Figuring Out My Life’s Work
As I watch my mother, who is almost totally blind and has mobility limitations, sit and do nothing all day, I ache, not just for her, but for everyone who doesn’t have something that gives her life meaning. Looking forward to my ever advancing age, I feel an urgency to have a life’s work that I can do at some level while I still have breath in my body. Deciding on one thing is driving me nuts! Consequently, I spend more time than I should doing crossword puzzles and reading.
While enjoying our deck time high in the Rocky Mountains, my sweetie and I have had this discussion. He says his life mission is to no harm and to always be open to new experiences. That’s fine, I say, but what are you actually doing? I volunteer long-distance while in Colorado and in person in St. Louis with the Red Cross, but somehow that doesn’t seem to be enough. I do volunteer writing and editing for a couple of organizations and look for people to mentor. Again, not enough.
Arianna Huffington said it best in her new book Thrive:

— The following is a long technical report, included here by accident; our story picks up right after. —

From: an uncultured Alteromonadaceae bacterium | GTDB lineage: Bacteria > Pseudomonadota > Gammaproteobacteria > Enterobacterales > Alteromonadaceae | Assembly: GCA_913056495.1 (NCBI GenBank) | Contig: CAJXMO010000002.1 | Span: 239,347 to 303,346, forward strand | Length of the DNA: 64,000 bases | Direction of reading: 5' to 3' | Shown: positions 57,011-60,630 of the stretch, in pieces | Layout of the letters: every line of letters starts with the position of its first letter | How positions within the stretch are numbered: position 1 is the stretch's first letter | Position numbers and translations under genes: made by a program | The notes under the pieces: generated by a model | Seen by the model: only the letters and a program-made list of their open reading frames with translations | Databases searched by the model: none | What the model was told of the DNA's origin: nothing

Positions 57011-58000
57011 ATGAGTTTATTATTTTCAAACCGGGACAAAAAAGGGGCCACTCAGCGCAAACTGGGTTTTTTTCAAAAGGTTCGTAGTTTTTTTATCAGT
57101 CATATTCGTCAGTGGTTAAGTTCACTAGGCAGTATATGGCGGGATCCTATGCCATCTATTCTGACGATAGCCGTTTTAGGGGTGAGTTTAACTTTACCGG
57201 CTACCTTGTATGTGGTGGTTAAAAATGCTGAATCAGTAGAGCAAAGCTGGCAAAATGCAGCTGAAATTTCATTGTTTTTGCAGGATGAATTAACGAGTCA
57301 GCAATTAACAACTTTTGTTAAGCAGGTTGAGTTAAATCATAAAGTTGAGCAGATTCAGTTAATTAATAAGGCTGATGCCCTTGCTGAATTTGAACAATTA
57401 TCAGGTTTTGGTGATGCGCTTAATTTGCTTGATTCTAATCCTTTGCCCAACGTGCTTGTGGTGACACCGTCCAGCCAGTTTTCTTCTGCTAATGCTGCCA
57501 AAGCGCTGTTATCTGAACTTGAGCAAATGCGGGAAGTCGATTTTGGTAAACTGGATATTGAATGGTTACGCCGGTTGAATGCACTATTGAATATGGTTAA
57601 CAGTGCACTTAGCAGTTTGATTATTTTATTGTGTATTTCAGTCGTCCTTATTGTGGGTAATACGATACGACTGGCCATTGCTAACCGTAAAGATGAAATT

1. Make small gestures of kindness and giving a habit, and pay attention to how this affects your mind, your emotions, and your body.
2. During your day, make a personal connection with people you might normally tend to pass by and take for granted: the checkout clerk, the cleaning crew at your office or your hotel, the barista at the coffee shop. See how this helps you feel more alive and connected to the moment.
3. Use a skill or talent you have—cooking, accounting, decorating—to help someone who could benefit from it. It’ll jumpstart your transition from a go-getter to a go-giver, and reconnect you to the world and to the natural abundance in your own life.
By the way, I would heartily recommend this book. It teaches us how to be mindful in our lives so we experience every moment of every day of this oh, so brief existence.